So what's wrong with the spreadsheet tool you are given to solve your financial problems with?The type of Excel model used to project a budget or business plan is frequently:
- quite complicated and hard to share with other people, including yourself if you haven't looked at it for a while.
- quite rigid and inflexible: you have to decide at the outset the principal characteristics of the model, typically its time horizon and length of budget period, and its difficult to change.
- hard to achieve consistent accuracy, especially when dealing with partial periods ie when a cost or revenue starts or changes part-way though a period. This often results in a very complicated looking formula.
- prepared in somewhat of a rush to meet a deadline, and therefore whatever needs to be done is done, regardless of what is good practice and documentable.
- quite large, often being the business plan for the whole company or division. The model may well have started small and grown to match different scenarios and complexities. In an effort to simplify things, If the model is split up to reduce size, the links get precarious and break.
There really isn't anything in the standard Excel function library to help you with this, because the functions are very general and don’t address the concept of the time period. Something we harp on a lot about are partial periods and daycount, and Excel's efforts to deal with these via the YEARFRAC() function and others are so general as to be not very useful. You can't just 'parcel up' logic in Excel and re-use it - it would be great if you could, and have say a spreadsheet that calculates loans that you could call like a function or subroutine - but you can only do this in Visual Basic (VBA), which is slow. It's quite amazing that, as the budgeting and financial appraisal tool of choice, Excel doesn’t seem to have anything specific to help, except for the IRR and NPV functions which are over 30 years old.
Analysts of old probably recall systems like 'IFPS' and 'EPS' in the 1980's that dealt with the programming of project cashflows. They were a great idea and unfortunately the spreadsheet killed them off - because for easy the stuff the spreadsheet wins hands-down. However, spreadsheets weren't really designed for large scale, accurate, financial modelling. Wouldn't it be great to have a programming language where you could just combine all the incomes, work out the finance, do the tax , etc? Well, it doesn't seem to be here, and Excel is the budgeting system that most people use because it is tremendously quick, flexible, and productive. So we have sacrificed our data modelling principles for convenience. In this free form spreadsheet world, what steps can we take to restore some semblance of order?
BF was born from the need to run loads of Excel models for the purposes of Real Estate and structuring financial deals, but the idea applies equally anywhere within business planning. The first type of function we developed was a rental function, because UK rents, although straightforward in principle, are a pain to model, with 5 yearly reviews, sometimes with respect to a moveable 'market', and then perhaps with breaks and voids. It turns out that the idea of a projections function that slots in the correct amount of cashflow in a timeperiod can be neatly applied to a growing sales line, a loan, or a capital cost curve - or even just a one-off payment. In a way it's like a financial language like IFPS within the spreadsheet.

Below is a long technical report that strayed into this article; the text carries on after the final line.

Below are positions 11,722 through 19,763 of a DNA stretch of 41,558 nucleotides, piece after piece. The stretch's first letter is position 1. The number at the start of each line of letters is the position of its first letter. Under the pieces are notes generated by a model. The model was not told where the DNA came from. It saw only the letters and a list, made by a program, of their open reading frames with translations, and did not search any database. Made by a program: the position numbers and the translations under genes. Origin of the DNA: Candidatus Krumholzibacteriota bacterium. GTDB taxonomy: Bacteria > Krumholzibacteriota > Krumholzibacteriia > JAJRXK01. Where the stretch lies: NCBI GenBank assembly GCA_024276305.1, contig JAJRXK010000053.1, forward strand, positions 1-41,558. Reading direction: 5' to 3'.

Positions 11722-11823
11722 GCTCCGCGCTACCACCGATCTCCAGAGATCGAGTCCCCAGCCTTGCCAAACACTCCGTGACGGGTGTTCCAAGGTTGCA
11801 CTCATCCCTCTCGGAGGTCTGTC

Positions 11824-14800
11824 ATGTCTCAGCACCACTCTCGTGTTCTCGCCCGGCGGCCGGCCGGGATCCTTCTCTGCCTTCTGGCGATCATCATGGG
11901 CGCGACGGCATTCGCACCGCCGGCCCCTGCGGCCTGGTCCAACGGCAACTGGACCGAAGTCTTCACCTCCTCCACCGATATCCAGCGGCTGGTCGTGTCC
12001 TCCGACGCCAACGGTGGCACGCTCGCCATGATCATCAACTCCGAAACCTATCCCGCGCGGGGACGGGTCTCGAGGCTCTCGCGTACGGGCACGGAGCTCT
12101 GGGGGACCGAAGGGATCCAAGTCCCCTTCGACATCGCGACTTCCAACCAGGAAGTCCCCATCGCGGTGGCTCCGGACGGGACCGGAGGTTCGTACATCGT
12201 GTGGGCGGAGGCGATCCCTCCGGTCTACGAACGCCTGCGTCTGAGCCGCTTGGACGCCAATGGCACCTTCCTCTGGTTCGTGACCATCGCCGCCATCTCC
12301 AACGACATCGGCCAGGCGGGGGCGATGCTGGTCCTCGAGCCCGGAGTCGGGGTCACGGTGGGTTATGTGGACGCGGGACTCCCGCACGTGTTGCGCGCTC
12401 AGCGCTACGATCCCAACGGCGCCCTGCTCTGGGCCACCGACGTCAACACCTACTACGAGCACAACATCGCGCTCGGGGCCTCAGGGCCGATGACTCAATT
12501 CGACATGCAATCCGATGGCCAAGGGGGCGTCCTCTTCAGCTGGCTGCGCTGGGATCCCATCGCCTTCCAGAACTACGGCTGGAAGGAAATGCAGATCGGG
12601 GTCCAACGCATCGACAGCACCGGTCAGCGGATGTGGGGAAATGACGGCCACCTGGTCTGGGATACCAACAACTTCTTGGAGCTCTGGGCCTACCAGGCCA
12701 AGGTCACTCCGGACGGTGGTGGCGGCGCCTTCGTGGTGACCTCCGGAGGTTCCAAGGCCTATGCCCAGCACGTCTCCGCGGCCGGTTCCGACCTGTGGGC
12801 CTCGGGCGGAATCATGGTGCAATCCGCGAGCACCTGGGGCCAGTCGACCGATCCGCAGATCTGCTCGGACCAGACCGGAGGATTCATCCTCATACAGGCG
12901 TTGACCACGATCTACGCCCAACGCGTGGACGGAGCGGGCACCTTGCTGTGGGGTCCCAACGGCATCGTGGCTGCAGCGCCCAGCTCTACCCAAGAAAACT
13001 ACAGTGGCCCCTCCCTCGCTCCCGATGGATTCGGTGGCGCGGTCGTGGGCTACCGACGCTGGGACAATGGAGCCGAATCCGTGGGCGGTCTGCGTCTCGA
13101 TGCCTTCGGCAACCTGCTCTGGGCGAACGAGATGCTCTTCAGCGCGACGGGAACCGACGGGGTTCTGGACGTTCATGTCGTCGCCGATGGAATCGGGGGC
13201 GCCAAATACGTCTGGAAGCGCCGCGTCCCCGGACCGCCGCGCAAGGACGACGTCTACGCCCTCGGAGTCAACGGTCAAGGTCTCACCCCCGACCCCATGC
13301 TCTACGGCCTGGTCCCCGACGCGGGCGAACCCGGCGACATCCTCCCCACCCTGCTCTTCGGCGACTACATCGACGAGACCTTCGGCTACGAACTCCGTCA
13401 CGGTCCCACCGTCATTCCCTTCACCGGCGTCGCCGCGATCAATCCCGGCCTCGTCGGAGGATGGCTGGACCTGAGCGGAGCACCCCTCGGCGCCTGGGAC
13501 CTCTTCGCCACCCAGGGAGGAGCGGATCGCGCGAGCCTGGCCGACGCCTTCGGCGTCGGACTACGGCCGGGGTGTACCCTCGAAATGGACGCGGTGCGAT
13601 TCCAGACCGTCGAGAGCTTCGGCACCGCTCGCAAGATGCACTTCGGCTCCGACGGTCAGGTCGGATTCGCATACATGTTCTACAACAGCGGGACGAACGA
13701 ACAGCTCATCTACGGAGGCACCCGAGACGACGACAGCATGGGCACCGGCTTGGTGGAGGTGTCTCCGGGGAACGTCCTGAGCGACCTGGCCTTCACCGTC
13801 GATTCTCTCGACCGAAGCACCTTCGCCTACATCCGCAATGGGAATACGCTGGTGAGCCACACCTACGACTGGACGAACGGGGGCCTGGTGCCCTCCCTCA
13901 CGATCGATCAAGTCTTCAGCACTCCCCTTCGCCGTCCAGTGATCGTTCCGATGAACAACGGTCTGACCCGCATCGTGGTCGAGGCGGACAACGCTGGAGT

Two key concepts had to be investigated during the development of BF. The first of these was cash and accruals. We often think of rent or interest occurring smoothly over time, when in fact the payments occur in lumps as they fall due. Which way should you model them? Well, you have to be able to model either way, preferably by a simple variable or switch, depending on whether you are looking at accrued income for the accounts department, or cashflow for the treasury people. That led to a standard argument in our functions called Periods The second idea was how to deal with partial periods and this was a real pandora's box, as it turns out that there are an almost infinite number of daycount conventions that can be applied to split a timeperiod. This led to the standard DayCount variable.
The second concept was that we realised we really weren't modelling on a cell by cell basis at all: we were calculating a whole rows values at once and slotting them in. And so most functions were given the capability of being 'Array' functions, where you just enter a single function across the whole line in a budget. It makes it very transparent what you are trying to do, it's actually must faster in execution, and has the by product that it's more difficult to accidentally delete the formula.
So, given the problem of an unmaintainable, innaccurate, inflexible spreadsheet, does BF do the job?In our view, it does, providing :
- the projections behaviour you want to model can be matched to a Business Function.
- That you are familiar with the way BF functions generally work (and they all work the same way).